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Distinguished Lecture Series| No. 306: Suppliers’ Purchasing Decision Based on Machine Learning and Financial Risk Control

Lecture Topic: 

Suppliers’ Purchasing Decision Based on Machine Learning and Financial Risk Control


Youhua (Frank) Chen


December 27, 2019 (Friday) 14:30-16:30


Room 317, Main Building, Zhongguancun Campus


Graduate School, School of Management and Economics


Log-in to WeChat enterprise of Beijing Institute of Technology— 第二课堂(The Second Lecture)— Choose No.306 in the Lecture Registration


Introduction to the lecturer



Prof. Youhua (Frank) Chen is Chair Professor and Head of Management Sciences at City University of Hong Kong. He holds a bachelor’s degree in Engineering, master’s degree in Economics, and doctoral degree in Management from Tsinghua University, the University of Waterloo, and the University of Toronto, respectively. Before joining National University of Singapore in 1997, he took a post-doctoral fellow position at Northwestern University. After 11 years of teaching at the Chinese University of Hong Kong (CUHK), Prof. Chen joined CityU in 2012. Courses which he taught include Operations Management, Supply Chain Management, Logistics, and Advanced Manufacturing Management. He was also actively involved in executive teaching (EDP and EMBA). Prof. Chen has also been involved in consulting projects in the area of supply chain management and logistics. His current research projects span from healthcare operations management, logistics-supply chain management, to data-driven operations. He was project coordinators of two major projects which completed recently and has been principle investigator of more than 10 earmarked research grants.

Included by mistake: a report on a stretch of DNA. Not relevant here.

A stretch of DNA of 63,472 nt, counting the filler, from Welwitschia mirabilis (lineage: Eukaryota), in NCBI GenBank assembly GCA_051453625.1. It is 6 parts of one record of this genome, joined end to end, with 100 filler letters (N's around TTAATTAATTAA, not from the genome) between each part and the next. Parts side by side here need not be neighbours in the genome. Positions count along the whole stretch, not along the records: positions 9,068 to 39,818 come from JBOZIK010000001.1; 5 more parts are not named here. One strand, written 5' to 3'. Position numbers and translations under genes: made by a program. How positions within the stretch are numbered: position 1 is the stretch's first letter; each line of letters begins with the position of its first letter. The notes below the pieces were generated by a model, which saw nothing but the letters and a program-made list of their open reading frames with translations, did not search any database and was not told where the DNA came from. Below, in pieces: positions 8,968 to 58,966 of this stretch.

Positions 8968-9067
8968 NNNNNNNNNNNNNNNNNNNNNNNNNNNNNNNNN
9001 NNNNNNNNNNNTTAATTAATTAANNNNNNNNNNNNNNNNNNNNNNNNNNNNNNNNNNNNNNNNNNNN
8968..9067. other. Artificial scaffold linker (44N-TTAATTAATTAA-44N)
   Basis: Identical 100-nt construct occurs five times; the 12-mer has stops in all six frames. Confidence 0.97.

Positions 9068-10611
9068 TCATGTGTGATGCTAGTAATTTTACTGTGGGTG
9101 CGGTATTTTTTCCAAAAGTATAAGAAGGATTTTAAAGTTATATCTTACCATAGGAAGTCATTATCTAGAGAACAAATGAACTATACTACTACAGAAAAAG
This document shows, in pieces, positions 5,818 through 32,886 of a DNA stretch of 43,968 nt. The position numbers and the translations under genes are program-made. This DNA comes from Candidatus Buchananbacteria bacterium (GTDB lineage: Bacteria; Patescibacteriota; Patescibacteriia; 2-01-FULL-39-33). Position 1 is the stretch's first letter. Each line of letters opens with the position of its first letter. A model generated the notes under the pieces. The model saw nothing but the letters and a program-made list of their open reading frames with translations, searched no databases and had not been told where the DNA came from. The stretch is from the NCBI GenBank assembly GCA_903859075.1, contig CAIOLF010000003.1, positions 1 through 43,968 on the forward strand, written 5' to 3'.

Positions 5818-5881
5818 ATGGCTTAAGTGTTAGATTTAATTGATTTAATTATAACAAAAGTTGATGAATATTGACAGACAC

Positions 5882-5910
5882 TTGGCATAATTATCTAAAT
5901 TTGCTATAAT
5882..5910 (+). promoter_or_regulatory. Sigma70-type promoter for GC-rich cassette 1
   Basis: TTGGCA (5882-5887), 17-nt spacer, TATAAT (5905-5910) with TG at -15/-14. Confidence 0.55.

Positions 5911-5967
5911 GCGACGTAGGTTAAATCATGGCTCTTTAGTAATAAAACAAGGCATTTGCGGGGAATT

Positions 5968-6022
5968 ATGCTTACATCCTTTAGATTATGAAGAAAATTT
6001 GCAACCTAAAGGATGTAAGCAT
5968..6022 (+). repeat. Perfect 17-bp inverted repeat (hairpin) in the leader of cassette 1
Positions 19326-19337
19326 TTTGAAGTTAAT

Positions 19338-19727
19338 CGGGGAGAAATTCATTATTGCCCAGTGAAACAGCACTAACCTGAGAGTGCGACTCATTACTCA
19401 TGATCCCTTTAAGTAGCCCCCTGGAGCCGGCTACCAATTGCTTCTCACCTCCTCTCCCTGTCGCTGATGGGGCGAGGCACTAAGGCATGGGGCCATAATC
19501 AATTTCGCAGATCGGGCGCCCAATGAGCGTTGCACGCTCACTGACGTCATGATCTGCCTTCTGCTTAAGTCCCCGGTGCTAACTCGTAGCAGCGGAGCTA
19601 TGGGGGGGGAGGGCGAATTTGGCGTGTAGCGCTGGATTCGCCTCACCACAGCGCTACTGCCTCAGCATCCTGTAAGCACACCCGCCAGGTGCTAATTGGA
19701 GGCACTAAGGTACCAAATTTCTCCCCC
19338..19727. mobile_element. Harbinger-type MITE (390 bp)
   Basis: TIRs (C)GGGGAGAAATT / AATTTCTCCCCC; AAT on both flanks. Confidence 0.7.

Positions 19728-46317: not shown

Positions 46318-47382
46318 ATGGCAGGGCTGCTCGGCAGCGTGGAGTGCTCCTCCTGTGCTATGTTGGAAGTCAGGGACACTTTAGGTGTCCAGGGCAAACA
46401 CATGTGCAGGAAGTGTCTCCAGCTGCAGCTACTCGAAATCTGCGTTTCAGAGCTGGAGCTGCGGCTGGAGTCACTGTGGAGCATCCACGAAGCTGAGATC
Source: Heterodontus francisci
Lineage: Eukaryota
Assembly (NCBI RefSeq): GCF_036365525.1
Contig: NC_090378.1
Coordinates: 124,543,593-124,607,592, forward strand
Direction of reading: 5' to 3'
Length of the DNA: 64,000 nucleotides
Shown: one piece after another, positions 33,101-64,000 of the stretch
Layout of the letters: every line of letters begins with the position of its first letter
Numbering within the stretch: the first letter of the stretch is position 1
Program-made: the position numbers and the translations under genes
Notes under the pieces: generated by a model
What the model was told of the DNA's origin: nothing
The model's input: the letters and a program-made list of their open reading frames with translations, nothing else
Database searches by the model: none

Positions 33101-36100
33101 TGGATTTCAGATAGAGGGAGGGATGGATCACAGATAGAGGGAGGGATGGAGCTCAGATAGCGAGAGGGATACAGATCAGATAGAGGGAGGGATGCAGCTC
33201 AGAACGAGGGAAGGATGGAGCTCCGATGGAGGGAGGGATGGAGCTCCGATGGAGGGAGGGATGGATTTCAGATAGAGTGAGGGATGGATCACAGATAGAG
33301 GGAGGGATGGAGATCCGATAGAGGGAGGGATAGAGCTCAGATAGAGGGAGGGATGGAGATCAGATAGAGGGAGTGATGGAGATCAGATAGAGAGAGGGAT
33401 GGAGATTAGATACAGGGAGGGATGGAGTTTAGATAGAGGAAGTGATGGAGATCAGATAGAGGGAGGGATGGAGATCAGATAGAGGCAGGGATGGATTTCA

Lecture Information

Many retailers regularly introduce new, short life-cycle products. Unlike existing products whose historical sales data may be an indicator of future sales, a new product does not have such data. Instead, a firm may have been selling similar products in the past and keeps a good record of them. In addition to demand/sales figures, the data record may contain rich information about the attributes (features) of the products, such as retail price, design style, and season, the so-called covariate information to demand. In this project we attempt to link a new product, by using covariate information, to “similar” products that were sold historically. Weights are used to measure similarities between the new product and historical products, and the values of those weights are estimated by employing machine learning methods  such as   k-nearest neighbours, classification and regression tree, and random forests, to the data.  Then, the pair of the realized demand of a similar historical product and its associated weight, together with those from other similar products, are utilised to approximate the expected profit and other quantities which take on the (conditional) demand distribution. This approach is applied to determine the optimal order quantities before a risk-averse firm launches a new product. Risk aversion requires the firm to attain a profit target with high confidence, which can be formulated as a value-at-risk (VaR) constraint. Besides devising efficient solutions, we also prove the proposed approximation to be asymptotically optimal even with the sample-dependent approximation for the VaR constraint. We will also use real-world data to verify our models and methods and present key managerial insights.